Thursday, July 3, 2008

Alzheimer's Patient and Activities

It is good to keep your Alzheimer's patient occupied and active while they still can, whether inside or outside before they become immobile.Choose activities that will stimulate anything too complex will frustrate them and you will have other emotions to deal with.

Its is good to have your patient get some amount of sunlight everyday, whether walking or just sitting for a while.
You can also play games and do word search or puzzles depending on what stage of the disease they are at.

You can also give them family photos to search through and select their favorite ones and place them in a special album so they can have with them to look at whenever they like.

Get them a stuffed animal or doll to hug, they like to hoard things, it keeps them comfortable.

A good daily amount of light exercise helps to keep their bones and muscles strong. Exercise improves their balance and also helps them to sleep better.Don't over do it remember they are not training for a marathon, you are only trying to keep them healthy.

If you can afford it you can higher a personal trainer or a physical therapist, someone who has experience working with Alzheimer's disease patients

While doing the light exercises may sure to look for any signs of discomfort, pain, dizziness, shortness of breath, if you notice anything you should stop the exercise and consult their doctor for advise.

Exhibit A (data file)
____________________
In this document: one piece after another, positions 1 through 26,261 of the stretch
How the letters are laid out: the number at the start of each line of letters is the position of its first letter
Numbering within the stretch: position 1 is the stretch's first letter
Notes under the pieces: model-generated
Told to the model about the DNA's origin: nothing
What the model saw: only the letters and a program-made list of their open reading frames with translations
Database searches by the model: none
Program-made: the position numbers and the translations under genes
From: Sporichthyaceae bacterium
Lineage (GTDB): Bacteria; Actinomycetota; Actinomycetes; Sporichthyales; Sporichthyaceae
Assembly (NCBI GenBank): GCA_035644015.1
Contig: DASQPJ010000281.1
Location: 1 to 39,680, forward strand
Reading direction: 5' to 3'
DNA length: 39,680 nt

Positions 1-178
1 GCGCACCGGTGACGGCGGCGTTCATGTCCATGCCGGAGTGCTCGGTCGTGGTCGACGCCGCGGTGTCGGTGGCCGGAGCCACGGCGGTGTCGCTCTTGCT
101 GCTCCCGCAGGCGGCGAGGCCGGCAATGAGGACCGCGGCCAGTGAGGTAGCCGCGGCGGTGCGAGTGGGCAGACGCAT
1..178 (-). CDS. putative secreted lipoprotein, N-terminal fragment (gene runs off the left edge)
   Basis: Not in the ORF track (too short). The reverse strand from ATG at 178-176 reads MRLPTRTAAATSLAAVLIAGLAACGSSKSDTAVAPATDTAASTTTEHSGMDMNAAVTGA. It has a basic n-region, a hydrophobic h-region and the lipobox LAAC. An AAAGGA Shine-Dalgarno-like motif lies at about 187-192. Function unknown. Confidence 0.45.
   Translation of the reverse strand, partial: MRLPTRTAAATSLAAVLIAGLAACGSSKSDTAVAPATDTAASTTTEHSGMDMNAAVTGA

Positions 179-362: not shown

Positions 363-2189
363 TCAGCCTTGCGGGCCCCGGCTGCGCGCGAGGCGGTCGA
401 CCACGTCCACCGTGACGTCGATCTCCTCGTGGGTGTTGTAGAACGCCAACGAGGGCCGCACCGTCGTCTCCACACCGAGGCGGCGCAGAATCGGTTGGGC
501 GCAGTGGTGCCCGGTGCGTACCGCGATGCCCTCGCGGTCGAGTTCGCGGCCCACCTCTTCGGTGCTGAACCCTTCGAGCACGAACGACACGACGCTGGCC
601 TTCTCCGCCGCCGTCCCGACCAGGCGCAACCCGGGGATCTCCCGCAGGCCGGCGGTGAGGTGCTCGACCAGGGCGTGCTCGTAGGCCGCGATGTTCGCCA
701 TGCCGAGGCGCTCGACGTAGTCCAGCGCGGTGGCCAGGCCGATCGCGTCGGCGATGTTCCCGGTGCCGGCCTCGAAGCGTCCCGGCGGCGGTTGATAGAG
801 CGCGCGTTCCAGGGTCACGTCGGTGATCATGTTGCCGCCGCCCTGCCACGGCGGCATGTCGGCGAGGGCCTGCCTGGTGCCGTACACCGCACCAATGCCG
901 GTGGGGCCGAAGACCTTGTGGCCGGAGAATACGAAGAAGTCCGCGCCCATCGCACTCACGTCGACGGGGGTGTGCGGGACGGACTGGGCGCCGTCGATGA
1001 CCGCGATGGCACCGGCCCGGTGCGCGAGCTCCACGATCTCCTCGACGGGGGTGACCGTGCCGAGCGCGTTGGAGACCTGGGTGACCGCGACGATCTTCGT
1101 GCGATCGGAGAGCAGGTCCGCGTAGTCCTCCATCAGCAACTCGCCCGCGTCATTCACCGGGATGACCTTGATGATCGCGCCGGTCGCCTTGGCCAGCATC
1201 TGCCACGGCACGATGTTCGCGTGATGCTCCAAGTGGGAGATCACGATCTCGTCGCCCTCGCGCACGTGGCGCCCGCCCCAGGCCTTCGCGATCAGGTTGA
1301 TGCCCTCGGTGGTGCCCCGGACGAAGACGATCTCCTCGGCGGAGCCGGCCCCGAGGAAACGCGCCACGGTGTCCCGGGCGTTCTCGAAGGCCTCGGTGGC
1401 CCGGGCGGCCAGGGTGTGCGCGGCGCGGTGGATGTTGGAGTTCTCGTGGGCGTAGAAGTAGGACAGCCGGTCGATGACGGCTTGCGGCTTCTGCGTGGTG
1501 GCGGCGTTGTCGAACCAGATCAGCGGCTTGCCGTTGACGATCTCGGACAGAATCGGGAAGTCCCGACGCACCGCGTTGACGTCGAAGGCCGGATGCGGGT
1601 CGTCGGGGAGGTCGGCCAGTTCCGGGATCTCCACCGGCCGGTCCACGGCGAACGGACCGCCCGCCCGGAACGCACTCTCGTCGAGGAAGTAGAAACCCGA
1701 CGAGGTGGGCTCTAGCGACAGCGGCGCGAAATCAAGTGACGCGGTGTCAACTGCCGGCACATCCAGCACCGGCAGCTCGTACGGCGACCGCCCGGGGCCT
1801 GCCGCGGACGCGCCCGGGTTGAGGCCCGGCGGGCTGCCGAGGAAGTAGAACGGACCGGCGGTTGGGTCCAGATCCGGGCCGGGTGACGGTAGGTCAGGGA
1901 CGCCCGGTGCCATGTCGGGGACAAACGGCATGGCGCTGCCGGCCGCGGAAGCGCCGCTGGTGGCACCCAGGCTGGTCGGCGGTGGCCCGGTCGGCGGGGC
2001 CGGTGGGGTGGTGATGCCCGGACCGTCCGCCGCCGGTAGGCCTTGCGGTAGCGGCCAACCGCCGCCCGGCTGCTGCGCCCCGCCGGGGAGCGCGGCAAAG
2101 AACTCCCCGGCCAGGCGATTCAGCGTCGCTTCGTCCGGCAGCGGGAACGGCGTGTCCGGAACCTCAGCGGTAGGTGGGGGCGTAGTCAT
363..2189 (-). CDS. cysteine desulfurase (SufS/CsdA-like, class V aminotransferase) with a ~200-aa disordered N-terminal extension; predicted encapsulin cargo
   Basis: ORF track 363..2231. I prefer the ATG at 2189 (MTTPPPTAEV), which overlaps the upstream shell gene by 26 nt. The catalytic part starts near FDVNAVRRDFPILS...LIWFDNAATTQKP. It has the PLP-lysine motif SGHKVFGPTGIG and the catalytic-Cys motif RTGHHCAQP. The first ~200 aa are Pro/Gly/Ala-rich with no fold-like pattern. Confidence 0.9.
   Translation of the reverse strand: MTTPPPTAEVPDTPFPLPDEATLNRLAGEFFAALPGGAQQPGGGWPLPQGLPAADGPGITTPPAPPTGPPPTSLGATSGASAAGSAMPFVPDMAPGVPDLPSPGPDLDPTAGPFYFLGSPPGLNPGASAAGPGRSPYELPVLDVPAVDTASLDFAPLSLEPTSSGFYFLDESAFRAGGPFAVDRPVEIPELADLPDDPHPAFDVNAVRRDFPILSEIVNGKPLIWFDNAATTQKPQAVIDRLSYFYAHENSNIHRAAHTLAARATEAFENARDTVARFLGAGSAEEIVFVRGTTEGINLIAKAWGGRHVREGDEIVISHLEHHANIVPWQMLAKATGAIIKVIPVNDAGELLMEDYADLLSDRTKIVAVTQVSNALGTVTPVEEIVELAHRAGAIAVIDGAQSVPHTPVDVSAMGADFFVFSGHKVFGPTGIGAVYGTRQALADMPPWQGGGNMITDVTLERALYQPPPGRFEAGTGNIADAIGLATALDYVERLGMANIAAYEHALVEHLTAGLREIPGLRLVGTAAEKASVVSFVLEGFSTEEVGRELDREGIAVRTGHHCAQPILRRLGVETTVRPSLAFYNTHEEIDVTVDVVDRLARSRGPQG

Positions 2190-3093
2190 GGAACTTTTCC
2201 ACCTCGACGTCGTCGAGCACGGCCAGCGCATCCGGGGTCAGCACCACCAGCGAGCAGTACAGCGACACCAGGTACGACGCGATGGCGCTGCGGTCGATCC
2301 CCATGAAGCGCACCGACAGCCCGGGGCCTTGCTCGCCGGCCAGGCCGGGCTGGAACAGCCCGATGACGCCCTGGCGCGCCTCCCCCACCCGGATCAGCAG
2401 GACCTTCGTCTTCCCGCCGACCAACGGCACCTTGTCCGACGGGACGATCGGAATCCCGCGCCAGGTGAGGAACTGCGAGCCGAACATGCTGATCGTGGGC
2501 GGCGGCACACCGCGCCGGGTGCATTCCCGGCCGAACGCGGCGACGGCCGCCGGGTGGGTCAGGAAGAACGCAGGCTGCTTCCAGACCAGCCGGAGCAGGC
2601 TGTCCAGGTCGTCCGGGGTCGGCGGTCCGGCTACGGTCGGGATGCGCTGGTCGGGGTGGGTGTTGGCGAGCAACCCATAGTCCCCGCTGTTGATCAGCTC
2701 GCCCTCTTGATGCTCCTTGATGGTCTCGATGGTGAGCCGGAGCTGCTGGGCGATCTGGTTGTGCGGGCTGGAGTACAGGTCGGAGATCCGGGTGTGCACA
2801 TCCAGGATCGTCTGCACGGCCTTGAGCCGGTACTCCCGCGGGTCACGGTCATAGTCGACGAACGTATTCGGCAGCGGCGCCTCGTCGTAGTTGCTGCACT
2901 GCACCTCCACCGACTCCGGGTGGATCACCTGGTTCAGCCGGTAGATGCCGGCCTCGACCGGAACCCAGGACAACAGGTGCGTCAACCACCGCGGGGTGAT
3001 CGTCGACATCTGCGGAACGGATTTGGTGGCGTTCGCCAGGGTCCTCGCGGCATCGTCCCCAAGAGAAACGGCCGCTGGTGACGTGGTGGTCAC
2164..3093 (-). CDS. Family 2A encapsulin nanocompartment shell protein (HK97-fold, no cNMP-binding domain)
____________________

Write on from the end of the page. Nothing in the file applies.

puzzles said...

I was reading this great article on activities for caregivers and would like to inform your readers about some new activities that are on the market that were designed specifically for activities for Alzheimer's and Dementia patients.

I spoke with many activity directors to find out what exactly they wanted and here a brief list.

_Age appropriate activities rather than childlike.

_Storytelling themes that would make it easier caregivers and family members to start conversations.

_puzzles with large, wooden pieces, not too big so they could complete them.

_a puzzle for early stages and one for middle stages, to help everyone succeed.

From this information I developed Memory Jogging Puzzles that are age appropriate with wonderful storytelling themes by the famous Norman Rockwell and The Saturday Evening Post Covers.

The puzzles are small with large pieces, 6 piece for middle stages and 12 piece for early stages.

They have been tested in facilities and the everyone loves the Norman Rockwell themes. They are a great way for families and caregivers to interact with loved ones and at the same time be a part of their memory treatment and brain exercises.

And the most important part of the testing: it was a fun time, everyone felt a sense of success and completion of a task, rather than failure and frustration.

I also developed Memory Card games like concentration for repetition using Norman Rockwell themes from The Saturday Evening Post.

The cards are over sized with great detail. Special instructions are included to assure everyone success.

"Your puzzles do indeed show some promise, due to the fact that they engage persons with their emotional and recognition memory, but then rely upon "here and now" problem-solving skills." by Mitchell Slutzky, Ph.D., Clinical

The puzzles and cards have recently been featured on

For more information visit my website:

Alzheimer’s clinic Toronto said...

Millions of people across the world are experiencing Alzheimer’s disease and it’s been nice to have read this article.

Alzheimer’s clinic Toronto